It was ‘a really amazing experience’.

The horses needed a good rest and the riders were tired but everyone agreed that it had been an incredible week of exploration.

Day 6 of The Waterberg Trust Challenge Ride 2018

TWT Ride 2018 - DAY 6 walking down to the Palala River (2).jpgAfter walking the horses down a steep track on Jembisa game reserve, we finally made it to the Palala River. It’s normally too deep to cross on a horse but the drought of 2017 resulted in unusually low water.

The rocks looked slippery but Ant Baber decided we could walk across.

TWT Ride 2018 DAY 6 - Riders crossing the Palala River going north.jpg

As we made our way the Rooisloot valley we came across interesting plants such as this Transvaal gardenia.

Greater kudu enjoy eating the green seed pods and had effectively pruned the bushes.

The aim was to ride up to the wetlands at the very north of the reserve.

We had entered at the gate just south of Emily’s Camp. Today we reached Kwarriehoek near the road to Makopane, which you can see at the top right-hand corner of this map.

It was good to have reached the open grasslands after having spent six days in the saddle.

 

Mission accomplished. We could ride no further north.

A highlight of the day was lunch at a house on the game reserve which has a pool with an incredible view, looking north down the Palala River Valley towards Lapalala Wilderness where we had been the evening before.

We mounted the horses and crossed back over the Palala, which flows north into the Limpopo on the South African border with Zimbabwe.

TWT Ride DAY 6 2018 crossing the Palala River - photo Sophie Neville

Without pausing to remove our helmets, we dismounted and climbed up the steep cart track in our hot clothes. The horses were fine but it was hard on the riders.

Once we reached the plateau, it wasn’t long before we were met by the back-up team.

They had brought us champagne to celebrate the end of the challenge ride.

Everyone was tired, but happy, if a little dazed.

No one had fallen off. There had been no injuries or mis-haps. The horses were still in good condition. We had explored a new route, which had proved varied and exciting. Ant Baber decided the ride had been a success.

We’d made it!

We had come so far and seen so much. The experience had challenged and extended each one of us..

We climbed back into the saddle and had a cheer from the team from Newbury, before making our way back to the lodge.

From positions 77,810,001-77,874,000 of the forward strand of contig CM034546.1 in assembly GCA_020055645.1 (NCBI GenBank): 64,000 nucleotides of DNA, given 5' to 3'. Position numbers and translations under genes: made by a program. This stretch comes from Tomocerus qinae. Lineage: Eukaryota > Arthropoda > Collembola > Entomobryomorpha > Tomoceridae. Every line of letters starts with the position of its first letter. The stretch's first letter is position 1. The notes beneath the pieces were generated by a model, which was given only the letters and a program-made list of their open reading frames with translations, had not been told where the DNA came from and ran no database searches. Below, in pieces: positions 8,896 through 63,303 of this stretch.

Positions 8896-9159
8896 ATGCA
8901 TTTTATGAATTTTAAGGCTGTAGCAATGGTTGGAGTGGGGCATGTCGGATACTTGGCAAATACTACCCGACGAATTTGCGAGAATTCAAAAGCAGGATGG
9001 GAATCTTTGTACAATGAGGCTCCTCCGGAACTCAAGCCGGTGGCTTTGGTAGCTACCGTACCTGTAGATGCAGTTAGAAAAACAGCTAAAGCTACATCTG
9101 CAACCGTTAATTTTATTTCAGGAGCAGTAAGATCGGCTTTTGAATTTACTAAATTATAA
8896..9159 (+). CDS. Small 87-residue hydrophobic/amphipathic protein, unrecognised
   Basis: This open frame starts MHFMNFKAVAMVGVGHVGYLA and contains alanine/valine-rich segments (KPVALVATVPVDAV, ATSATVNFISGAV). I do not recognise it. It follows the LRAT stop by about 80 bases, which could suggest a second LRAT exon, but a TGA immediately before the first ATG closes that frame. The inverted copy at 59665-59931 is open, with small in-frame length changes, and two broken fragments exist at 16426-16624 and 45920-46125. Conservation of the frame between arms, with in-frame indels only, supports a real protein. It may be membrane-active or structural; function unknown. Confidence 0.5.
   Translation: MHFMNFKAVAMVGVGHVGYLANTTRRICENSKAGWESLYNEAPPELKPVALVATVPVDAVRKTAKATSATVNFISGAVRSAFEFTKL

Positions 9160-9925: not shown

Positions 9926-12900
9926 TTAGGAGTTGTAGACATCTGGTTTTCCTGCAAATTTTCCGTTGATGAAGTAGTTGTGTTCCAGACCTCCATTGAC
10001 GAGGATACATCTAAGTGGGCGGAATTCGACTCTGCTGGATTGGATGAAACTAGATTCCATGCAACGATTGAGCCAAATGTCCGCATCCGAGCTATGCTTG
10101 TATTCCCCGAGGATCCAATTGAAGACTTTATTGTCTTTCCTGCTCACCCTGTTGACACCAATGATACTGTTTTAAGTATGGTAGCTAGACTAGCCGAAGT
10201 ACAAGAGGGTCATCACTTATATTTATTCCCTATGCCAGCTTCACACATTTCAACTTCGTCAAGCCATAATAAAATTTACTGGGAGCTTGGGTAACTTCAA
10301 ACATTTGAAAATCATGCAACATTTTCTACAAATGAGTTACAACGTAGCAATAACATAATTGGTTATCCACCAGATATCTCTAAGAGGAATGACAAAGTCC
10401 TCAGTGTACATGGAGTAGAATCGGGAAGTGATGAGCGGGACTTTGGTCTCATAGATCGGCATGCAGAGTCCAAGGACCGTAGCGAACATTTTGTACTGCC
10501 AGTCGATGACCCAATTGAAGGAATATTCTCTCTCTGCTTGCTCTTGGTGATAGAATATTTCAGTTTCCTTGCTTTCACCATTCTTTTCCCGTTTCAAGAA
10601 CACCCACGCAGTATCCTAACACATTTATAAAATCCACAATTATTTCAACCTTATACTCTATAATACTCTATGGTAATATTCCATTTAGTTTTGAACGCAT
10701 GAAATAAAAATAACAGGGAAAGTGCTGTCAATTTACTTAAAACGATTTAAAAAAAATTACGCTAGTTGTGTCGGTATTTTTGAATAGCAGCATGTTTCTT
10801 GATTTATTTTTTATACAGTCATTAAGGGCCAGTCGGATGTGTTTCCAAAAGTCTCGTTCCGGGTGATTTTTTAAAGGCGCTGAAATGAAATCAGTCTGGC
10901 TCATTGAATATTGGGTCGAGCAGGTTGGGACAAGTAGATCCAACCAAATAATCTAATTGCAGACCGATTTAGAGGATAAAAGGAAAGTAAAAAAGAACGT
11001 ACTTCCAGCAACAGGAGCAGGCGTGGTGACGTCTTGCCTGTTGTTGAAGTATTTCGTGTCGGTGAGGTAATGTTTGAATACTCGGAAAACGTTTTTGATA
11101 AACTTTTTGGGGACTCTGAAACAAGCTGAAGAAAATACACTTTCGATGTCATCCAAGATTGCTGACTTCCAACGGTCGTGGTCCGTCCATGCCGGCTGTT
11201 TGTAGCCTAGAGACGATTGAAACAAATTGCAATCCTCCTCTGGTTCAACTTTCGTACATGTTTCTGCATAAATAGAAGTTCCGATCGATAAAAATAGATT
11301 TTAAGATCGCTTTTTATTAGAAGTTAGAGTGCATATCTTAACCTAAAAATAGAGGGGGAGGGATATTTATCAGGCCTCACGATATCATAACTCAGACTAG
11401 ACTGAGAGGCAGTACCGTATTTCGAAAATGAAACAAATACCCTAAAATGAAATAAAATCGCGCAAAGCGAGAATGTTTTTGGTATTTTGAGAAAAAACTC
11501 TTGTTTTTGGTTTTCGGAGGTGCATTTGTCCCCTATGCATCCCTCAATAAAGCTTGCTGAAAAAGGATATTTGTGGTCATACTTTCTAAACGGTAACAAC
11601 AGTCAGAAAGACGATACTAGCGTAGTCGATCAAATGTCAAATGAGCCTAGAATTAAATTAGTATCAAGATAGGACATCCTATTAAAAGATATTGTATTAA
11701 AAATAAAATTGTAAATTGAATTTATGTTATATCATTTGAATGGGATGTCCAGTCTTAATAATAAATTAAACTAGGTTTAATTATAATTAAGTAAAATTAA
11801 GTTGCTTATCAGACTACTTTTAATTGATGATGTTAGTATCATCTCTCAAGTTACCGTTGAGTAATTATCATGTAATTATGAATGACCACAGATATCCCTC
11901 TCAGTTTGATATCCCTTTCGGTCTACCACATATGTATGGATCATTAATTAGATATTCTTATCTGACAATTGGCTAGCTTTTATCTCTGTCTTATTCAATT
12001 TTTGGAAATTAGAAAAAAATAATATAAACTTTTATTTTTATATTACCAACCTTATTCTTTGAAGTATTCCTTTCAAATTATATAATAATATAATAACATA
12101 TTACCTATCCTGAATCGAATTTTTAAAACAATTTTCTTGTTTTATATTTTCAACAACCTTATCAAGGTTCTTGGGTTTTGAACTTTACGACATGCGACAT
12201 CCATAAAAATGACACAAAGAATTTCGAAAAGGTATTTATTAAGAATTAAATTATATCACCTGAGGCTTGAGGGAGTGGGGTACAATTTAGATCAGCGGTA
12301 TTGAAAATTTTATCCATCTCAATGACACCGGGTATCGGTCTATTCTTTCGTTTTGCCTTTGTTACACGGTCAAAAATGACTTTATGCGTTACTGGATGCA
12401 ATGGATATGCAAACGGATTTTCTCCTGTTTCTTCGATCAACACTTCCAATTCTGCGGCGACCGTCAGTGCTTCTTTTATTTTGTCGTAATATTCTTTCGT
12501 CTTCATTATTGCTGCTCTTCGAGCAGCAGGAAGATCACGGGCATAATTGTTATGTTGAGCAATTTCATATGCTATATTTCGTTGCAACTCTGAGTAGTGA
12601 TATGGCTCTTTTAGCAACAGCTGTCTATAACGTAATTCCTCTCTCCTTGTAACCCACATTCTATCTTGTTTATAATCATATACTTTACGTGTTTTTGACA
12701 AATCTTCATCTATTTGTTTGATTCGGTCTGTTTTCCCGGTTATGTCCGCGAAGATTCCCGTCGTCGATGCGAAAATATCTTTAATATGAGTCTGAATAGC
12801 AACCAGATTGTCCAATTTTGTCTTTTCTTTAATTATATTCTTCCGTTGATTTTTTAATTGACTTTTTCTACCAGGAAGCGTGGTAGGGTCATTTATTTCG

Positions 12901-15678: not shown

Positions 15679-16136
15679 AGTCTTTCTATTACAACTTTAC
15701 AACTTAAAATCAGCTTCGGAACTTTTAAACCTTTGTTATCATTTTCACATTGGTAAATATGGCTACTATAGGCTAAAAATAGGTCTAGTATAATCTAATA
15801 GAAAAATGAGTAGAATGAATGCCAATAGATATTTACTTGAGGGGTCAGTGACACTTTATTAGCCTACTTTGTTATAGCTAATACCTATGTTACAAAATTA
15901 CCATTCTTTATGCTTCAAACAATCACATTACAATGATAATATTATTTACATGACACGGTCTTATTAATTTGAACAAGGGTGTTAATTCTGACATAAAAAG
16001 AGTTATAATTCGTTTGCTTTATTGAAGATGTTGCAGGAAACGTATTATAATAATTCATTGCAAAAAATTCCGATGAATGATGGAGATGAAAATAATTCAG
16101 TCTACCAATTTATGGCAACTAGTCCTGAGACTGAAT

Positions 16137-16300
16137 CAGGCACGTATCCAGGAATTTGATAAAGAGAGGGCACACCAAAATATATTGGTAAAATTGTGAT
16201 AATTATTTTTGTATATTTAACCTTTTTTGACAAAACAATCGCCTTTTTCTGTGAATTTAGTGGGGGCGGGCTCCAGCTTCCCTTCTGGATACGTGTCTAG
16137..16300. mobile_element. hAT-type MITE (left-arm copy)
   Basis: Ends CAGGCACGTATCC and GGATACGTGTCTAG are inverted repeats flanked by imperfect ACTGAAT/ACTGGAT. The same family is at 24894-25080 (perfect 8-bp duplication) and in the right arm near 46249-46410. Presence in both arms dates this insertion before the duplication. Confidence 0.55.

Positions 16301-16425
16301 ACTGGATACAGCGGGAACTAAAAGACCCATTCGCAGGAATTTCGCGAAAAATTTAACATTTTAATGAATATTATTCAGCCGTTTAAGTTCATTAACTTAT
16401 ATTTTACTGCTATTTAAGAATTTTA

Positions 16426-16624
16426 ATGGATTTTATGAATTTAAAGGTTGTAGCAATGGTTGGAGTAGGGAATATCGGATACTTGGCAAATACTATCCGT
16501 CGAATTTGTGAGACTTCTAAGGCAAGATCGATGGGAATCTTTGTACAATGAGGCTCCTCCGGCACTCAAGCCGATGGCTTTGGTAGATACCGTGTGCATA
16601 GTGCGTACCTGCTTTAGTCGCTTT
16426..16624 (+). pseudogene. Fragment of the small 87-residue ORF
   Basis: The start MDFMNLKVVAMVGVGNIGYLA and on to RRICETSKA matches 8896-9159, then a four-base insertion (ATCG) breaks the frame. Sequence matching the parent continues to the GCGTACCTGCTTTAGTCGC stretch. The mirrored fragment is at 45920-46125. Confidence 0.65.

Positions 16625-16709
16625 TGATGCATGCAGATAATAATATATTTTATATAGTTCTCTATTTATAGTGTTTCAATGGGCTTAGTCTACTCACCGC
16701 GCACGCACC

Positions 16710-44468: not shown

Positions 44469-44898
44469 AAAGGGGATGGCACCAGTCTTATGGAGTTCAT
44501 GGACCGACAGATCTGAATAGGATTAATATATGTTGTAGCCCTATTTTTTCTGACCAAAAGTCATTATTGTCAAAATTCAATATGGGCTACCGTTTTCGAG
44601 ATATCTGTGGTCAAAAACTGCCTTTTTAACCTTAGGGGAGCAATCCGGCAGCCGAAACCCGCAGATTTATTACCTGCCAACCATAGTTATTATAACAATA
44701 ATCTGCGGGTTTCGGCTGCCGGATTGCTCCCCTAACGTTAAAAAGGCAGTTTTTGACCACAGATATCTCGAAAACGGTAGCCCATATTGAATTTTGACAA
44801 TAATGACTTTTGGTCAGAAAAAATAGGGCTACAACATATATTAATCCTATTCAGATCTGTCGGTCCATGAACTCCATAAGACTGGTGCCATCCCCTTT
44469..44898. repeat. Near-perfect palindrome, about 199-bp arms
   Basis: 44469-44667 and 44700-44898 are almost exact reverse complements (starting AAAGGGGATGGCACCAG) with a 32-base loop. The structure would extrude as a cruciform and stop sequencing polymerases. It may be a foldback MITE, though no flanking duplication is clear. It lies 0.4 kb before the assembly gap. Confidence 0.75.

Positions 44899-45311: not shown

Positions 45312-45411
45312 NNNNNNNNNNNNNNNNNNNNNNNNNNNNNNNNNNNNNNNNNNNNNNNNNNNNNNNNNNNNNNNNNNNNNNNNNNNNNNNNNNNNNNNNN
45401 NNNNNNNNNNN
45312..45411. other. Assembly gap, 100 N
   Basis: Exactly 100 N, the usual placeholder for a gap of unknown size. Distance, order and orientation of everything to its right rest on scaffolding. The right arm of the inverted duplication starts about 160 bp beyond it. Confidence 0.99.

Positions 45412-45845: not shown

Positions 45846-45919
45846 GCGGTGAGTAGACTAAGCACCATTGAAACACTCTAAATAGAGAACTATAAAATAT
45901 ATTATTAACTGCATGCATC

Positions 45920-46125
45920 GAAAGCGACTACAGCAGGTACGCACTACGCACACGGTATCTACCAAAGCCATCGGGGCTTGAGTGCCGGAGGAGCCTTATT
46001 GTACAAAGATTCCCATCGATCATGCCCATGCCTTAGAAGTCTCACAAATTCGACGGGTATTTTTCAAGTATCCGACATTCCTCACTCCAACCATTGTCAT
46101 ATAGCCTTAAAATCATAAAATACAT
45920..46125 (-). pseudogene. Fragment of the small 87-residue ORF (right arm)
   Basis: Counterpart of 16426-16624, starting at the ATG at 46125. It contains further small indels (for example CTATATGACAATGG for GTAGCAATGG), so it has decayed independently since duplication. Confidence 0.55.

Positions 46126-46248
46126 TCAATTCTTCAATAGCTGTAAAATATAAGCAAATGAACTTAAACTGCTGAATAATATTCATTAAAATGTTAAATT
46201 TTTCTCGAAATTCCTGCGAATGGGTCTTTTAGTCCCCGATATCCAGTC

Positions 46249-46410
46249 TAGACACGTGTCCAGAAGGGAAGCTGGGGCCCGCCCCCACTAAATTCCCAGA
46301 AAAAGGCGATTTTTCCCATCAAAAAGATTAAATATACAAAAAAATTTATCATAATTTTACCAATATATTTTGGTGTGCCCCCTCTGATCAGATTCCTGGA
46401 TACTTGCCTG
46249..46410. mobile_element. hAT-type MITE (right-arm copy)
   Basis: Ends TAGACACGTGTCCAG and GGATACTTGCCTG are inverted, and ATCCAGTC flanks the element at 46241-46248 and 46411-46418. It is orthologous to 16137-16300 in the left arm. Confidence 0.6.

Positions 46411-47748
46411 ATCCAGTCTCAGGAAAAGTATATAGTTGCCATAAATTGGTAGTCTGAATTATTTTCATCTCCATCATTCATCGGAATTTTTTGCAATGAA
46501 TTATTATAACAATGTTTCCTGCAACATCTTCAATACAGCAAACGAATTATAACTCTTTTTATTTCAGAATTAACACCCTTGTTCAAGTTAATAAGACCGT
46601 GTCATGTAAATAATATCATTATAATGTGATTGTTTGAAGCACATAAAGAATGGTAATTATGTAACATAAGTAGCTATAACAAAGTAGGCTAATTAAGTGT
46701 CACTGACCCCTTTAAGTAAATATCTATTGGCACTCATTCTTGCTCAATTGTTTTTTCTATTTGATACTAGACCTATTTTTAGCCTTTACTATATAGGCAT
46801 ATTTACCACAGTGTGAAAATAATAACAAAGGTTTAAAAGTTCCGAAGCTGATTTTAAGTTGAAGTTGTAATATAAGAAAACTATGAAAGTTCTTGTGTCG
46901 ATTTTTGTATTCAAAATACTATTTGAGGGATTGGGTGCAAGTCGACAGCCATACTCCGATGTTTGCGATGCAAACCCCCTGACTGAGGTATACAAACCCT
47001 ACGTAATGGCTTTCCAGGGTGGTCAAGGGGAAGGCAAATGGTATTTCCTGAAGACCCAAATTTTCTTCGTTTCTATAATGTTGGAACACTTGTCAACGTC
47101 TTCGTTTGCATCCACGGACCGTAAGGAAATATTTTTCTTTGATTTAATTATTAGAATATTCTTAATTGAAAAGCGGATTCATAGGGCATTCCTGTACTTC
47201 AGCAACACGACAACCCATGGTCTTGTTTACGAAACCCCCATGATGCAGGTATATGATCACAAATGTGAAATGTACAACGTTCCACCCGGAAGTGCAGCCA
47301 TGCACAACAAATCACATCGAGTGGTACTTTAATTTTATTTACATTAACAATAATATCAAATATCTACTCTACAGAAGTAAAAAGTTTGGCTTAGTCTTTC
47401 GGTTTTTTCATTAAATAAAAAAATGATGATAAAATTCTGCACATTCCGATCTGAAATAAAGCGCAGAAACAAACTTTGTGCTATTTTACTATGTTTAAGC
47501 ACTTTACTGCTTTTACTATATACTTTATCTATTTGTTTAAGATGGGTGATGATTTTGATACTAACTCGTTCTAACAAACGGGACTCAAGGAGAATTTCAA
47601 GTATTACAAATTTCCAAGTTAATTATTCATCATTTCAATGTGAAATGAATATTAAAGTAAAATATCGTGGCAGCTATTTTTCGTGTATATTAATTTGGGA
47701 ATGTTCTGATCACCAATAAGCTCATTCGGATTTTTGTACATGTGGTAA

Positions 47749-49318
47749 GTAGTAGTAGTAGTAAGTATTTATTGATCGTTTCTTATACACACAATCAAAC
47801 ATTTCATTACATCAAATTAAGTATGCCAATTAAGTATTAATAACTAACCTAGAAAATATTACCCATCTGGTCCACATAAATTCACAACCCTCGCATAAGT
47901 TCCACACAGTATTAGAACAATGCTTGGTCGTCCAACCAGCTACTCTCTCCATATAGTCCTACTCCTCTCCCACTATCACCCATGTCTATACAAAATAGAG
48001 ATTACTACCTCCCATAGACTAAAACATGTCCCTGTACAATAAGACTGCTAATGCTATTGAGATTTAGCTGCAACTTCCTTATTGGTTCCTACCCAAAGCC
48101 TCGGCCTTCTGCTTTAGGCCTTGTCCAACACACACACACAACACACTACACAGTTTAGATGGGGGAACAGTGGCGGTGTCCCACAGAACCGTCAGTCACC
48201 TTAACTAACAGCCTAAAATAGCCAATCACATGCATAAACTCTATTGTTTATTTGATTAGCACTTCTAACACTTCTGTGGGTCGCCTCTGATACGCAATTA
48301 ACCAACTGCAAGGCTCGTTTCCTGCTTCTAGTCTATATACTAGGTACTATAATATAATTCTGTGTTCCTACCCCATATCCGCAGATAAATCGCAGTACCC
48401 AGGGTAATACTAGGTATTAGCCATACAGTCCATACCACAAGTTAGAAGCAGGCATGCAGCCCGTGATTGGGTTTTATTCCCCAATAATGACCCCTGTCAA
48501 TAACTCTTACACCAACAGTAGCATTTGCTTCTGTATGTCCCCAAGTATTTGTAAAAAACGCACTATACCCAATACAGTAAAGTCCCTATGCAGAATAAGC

The riders enjoyed one last exciting gallop before bidding farewell to the horses, who had all done so well. We’d covered 187 kilometres in total – 197kms if you counted the ride before the official trek began six days before.

Very many thanks to all our sponsors and donors who encouraged us on our way. The funds raised will go a long way to help Save The Waterberg Rhino increase security in the area and will support community projects run by trusted charitable organisations that uplift the emerging generation by providing education or healthcare.

If you would like to make a donation to The Waterberg Trust please click here

~TWT Trustees: Belinda Chaffer and Sophie Williams-Thomas~

Day 5 of The Waterberg Trust Challenge Ride 2018

We rose early and saddled up the horses for a day full of promise.

Ant Baber, who had planned the route, was keen to cross Lindani game reserve and reach Jembisa to the north that morning. We had a long way to go.

The riders set off from Motseng Lodge where we’d spent a comfortable night.

We crossed the Melkrivier, a tributary of the Palala River, avoiding the footbridge.

TWT Ride 2018 crossing a stream on Lindani - photo Sophie Neville.jpg

It was a good chance to water the horses.

From here, we made our way up a steep, jungly kloof chocked with dense vegetation.

It is in these valleys that you find the most ancient trees that thrive in relatively sheltered conditions where they have access to water.

Being on an intercontinental convergence zone, the Waterberg is home to over 350 different species of tree from baobabs to wild fig – a greater variety than the whole of western Europe.

We suddenly found ourselves at the top of the hill where the vegetation opened out.

Wild proteas, the national flower of South Africa, were growing here.

TWT Ride 2017 wild proteas.jpg

We climbed higher still, taking a track that gave us occasional views across the Waterberg.

This unique unspoilt wilderness area  has been declared a UNESCO world biosphere.

On reaching the top of the Buffelshoek escarpment we dis-mounted

and lead the horses, on our quest to reach the very north of the game reserve.

TWT Ride 2018 dismounting to tackle a steep hill - photo Sophie Neville.jpg